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Imported Tomatoes

Volume 440: debated on Wednesday 23 July 1947

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asked the Minister of Food whether he is aware that Dutch tomatoes have recently been sold by the London Tomatoes Distribution Association at 131s. 6d. per cwt., instead of 121s. 4d. as laid down in the Tomatoes Order; and whether this variation was with the permission of his Department.

Yes, Sir. As the London Tomato Distributing Association carries out in the London area the functions which the secondary wholesaler performs in the provinces we have authorised the Association to sell at the secondary wholesale price of 131s. 6d. per cwt. applicable in other areas.

Is this strictly in accordance with the terms of the Order? In any case, do not such variations cause considerable dislocation in distribution? Are they wise?

The hon. Gentleman, I think, is a little confused. The figure in the Order, of course, which he will agree is the same for the primary wholesaler, is there in order to deter secondary wholesalers from infringing Article 19.

Will the hon. Lady use that as little as possible? Does she not agree that these sudden variations throw the whole scheme badly out of balance, involving severe losses in some elements of it and corresponding excessive profits in others?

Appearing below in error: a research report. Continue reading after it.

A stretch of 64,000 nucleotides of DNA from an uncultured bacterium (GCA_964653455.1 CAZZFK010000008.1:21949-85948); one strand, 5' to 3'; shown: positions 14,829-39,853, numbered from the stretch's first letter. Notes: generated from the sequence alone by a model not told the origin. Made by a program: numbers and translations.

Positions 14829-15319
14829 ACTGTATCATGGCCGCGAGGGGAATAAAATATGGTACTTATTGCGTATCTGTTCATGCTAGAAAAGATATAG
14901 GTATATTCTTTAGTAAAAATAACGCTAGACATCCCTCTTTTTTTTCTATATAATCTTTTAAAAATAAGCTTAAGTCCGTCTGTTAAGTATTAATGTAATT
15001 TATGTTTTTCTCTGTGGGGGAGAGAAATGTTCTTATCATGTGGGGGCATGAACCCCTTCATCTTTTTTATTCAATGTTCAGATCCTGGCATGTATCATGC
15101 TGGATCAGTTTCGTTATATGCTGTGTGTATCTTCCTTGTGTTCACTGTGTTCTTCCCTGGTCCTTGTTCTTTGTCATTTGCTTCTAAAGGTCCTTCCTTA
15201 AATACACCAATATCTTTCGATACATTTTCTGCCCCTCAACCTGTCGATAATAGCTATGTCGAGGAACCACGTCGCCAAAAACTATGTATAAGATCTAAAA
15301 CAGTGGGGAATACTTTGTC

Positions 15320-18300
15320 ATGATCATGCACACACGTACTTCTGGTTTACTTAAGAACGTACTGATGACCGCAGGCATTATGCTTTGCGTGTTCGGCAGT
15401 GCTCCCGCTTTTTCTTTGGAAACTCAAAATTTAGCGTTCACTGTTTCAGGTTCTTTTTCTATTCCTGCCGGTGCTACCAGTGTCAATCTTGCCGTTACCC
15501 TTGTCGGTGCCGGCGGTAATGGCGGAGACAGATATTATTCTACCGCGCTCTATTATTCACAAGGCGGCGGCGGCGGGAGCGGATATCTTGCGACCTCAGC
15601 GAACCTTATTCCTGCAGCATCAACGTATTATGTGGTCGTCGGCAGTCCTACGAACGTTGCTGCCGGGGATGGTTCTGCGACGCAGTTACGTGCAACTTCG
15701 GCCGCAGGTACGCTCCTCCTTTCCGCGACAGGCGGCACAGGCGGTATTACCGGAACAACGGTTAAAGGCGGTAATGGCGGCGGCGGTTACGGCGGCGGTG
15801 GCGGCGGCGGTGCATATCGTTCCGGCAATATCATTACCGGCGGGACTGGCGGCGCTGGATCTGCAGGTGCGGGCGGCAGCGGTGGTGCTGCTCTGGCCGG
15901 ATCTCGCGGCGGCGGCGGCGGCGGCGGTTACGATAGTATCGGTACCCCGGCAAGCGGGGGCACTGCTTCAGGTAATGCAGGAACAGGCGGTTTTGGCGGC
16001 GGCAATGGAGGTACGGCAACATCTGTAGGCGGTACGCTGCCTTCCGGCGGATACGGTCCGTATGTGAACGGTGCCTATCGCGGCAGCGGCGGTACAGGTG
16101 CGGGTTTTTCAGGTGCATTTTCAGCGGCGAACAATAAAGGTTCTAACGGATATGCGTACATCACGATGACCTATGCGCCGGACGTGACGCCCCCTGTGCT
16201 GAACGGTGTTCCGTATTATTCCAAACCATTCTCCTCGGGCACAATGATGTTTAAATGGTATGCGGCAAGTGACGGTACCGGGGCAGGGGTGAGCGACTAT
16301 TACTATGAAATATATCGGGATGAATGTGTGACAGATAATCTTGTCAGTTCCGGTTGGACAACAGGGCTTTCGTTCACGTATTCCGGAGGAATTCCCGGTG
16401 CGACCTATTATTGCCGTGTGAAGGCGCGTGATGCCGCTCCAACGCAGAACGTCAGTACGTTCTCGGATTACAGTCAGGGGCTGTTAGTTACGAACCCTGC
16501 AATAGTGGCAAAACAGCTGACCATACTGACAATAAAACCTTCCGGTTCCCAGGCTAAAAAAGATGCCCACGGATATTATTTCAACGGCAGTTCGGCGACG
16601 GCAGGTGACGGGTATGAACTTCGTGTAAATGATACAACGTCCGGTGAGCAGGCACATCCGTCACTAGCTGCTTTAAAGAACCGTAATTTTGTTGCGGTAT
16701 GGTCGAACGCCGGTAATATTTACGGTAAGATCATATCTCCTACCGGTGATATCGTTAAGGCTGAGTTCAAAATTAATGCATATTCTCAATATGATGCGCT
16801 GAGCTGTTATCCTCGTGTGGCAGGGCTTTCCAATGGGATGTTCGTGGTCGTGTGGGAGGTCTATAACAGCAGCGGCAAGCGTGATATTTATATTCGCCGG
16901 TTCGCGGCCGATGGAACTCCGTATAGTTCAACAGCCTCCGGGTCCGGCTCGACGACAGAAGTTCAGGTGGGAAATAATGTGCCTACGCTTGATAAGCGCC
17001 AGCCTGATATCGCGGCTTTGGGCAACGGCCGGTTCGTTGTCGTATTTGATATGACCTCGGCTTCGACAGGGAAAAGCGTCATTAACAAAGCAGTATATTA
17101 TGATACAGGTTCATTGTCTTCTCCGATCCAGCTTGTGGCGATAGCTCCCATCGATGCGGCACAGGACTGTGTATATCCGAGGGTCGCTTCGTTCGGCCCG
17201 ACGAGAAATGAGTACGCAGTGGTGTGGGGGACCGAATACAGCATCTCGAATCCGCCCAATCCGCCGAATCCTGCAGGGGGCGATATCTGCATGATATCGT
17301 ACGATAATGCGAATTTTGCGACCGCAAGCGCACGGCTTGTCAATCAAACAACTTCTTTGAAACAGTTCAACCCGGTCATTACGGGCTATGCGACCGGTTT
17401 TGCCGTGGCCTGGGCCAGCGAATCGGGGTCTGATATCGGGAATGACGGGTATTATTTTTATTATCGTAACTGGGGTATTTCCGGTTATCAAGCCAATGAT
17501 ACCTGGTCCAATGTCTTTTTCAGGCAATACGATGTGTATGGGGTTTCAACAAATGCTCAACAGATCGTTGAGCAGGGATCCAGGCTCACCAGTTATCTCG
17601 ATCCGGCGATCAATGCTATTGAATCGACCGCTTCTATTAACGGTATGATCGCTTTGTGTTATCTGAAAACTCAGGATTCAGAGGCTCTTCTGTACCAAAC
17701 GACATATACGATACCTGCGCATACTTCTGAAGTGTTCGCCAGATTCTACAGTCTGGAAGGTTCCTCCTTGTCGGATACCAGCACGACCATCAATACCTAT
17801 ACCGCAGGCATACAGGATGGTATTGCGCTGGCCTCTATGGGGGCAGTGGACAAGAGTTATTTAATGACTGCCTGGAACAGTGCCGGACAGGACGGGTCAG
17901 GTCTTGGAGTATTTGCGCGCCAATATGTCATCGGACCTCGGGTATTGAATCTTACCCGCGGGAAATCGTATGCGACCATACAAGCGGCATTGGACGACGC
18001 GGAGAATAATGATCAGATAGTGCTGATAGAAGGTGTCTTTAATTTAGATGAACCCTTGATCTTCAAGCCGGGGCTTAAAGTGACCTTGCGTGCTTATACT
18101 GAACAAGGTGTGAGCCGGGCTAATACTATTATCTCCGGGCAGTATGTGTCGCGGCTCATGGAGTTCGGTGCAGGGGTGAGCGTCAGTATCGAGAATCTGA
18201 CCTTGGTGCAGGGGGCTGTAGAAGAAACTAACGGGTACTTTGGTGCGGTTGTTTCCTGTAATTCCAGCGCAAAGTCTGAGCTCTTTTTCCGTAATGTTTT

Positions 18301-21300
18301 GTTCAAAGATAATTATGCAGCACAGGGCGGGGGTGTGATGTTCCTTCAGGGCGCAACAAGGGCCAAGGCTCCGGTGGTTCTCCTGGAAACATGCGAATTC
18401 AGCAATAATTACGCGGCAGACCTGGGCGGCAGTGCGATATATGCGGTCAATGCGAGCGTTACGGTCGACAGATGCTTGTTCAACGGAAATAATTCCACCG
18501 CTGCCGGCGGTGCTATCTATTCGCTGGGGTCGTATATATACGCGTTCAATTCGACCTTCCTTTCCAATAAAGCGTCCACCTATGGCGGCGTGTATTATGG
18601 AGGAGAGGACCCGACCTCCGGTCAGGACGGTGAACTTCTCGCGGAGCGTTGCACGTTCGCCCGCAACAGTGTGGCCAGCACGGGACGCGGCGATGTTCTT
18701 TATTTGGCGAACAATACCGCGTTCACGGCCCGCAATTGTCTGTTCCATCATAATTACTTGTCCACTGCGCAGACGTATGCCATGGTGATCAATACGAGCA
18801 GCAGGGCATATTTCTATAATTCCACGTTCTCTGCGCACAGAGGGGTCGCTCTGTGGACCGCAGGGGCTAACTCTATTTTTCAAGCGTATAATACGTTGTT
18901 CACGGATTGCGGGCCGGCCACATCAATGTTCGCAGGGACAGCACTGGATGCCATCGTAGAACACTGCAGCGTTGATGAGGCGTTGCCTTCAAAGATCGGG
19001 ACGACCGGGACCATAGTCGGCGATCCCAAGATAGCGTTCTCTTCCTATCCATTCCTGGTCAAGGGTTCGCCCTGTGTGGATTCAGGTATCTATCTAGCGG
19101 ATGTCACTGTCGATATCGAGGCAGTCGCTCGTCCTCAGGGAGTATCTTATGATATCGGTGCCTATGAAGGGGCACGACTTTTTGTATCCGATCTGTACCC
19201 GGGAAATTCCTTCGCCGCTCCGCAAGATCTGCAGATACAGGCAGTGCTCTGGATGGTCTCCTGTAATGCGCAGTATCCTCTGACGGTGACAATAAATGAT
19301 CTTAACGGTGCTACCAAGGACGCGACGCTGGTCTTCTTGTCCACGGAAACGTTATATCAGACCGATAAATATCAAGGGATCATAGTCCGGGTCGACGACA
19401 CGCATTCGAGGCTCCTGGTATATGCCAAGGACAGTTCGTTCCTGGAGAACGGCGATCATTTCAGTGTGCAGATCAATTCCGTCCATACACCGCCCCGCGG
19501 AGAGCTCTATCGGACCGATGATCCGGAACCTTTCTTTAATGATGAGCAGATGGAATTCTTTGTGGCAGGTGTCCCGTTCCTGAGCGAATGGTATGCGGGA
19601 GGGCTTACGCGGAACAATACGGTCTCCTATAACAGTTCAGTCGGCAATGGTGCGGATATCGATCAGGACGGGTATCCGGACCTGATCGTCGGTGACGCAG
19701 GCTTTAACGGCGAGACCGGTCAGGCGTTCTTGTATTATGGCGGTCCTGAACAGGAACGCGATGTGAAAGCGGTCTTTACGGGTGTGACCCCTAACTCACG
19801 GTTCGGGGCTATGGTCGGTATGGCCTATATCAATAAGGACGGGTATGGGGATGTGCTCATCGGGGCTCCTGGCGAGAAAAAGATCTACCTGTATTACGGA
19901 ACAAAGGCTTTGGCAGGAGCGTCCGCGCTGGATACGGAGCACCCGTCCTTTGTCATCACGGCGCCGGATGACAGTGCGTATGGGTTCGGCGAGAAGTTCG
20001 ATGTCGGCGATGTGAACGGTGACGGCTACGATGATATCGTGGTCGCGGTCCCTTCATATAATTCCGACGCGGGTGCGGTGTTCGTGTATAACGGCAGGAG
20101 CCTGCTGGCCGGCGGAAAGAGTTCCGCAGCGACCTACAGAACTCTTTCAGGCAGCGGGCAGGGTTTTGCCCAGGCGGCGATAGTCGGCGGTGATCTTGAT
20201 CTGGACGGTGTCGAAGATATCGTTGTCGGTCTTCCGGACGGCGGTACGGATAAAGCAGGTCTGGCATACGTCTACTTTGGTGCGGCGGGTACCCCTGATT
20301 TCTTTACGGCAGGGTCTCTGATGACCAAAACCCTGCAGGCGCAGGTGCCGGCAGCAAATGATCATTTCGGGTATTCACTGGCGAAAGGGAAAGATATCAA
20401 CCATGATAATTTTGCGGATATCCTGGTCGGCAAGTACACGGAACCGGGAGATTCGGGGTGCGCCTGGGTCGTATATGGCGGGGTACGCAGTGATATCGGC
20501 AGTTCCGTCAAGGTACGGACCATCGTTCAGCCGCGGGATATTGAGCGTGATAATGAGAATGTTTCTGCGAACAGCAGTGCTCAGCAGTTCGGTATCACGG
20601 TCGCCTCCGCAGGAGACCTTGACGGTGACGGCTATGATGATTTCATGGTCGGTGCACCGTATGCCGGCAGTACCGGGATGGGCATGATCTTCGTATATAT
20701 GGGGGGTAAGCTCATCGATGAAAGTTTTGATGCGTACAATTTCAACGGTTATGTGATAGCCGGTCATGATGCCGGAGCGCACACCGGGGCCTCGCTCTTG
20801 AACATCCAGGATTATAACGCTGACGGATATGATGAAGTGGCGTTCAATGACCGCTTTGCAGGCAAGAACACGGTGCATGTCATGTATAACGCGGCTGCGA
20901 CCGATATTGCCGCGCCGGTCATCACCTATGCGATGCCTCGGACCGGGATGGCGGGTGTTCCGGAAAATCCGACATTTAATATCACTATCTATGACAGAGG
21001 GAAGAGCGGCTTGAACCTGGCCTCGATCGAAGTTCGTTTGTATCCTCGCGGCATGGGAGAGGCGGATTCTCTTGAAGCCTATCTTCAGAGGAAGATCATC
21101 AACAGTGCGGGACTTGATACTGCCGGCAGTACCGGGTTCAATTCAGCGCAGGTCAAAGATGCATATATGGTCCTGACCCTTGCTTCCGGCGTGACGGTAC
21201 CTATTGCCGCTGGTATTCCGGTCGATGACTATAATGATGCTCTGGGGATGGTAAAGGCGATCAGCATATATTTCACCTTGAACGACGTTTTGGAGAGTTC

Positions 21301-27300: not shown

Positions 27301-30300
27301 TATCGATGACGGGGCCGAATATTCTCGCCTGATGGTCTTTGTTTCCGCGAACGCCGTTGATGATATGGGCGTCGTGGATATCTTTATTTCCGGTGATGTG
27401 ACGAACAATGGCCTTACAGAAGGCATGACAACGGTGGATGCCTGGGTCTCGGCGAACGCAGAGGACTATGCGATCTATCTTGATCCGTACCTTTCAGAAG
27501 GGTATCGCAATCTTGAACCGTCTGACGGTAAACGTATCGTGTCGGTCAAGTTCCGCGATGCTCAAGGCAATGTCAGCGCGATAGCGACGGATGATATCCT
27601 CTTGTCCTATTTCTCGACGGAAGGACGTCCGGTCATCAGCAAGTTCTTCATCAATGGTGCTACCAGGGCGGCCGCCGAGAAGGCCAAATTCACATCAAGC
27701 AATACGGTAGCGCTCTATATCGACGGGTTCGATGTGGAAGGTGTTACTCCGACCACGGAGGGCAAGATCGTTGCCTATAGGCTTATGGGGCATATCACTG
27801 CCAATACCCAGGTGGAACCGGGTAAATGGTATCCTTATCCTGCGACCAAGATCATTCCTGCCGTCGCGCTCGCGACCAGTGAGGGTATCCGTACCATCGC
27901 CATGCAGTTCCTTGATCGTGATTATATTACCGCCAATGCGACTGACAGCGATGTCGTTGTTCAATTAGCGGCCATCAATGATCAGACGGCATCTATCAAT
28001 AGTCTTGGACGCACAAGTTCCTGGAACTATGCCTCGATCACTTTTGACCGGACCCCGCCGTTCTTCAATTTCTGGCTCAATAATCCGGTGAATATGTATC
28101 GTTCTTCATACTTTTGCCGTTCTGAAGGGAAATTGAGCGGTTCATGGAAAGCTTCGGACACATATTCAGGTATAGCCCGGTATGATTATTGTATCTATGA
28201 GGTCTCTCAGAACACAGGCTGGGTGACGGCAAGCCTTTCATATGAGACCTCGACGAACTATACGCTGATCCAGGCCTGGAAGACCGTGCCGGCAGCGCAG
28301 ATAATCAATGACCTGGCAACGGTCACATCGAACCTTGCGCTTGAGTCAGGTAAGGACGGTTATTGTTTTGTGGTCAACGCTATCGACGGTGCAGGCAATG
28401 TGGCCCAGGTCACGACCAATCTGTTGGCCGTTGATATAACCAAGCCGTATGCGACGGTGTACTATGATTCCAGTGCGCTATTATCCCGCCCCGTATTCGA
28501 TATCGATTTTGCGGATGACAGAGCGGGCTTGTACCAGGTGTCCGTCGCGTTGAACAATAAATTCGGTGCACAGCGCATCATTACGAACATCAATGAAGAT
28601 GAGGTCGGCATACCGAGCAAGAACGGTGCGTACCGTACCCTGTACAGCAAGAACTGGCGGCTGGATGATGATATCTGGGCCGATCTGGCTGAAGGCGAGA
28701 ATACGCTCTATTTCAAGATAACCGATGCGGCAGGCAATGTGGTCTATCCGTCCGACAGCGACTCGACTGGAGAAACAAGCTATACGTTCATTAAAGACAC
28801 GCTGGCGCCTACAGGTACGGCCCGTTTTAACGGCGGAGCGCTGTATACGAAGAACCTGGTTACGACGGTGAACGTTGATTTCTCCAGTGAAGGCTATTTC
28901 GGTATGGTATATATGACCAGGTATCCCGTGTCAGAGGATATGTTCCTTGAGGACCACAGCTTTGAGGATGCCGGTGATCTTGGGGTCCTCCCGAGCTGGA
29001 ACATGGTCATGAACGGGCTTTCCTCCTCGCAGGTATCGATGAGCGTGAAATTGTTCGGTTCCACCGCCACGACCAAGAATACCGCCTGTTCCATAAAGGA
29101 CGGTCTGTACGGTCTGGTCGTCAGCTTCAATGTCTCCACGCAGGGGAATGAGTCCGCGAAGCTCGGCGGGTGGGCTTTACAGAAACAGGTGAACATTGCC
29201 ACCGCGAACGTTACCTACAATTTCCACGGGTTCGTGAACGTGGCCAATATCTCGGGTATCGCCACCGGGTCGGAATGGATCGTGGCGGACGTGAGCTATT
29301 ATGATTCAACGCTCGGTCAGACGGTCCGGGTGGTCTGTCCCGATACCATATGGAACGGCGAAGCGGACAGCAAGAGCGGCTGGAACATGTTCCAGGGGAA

asked the Minister of Food whether imported autumn and winter tomatoes from North Africa and the Canaries are to be freed from control; and whether he will now adopt this policy in reference to Dutch tomatoes.

Yes, Sir. An announcement was made on 17th July that the price and distribution of winter tomatoes imported from the Canary Islands and North Africa during the 1947/8 season will not be controlled, provided that selling prices remain at reasonable levels. The season for Dutch tomatoes coincides with our home crop and different considerations apply. The open general licence under which Dutch tomatoes are now being imported expires on 31st July, after which it is expected that the home grown supply will be sufficient to meet the demand.

Is my hon. Friend aware that the decision made already is generally considered most sensible? I hope the same thing will be done in regard to Dutch tomatoes.

Is my hon. Friend satisfied that the quantities of Dutch tomatoes which, even now, are being received, are so large that the present distribution scheme is liable to break down immediately, and would it not be possible, in order to avoid this, and to give the consumers the benefit of these large supplies, to consider removing the present price control?

The hon. Gentleman knows that the open general licence expires in a week and we shall certainly then look at the matter again.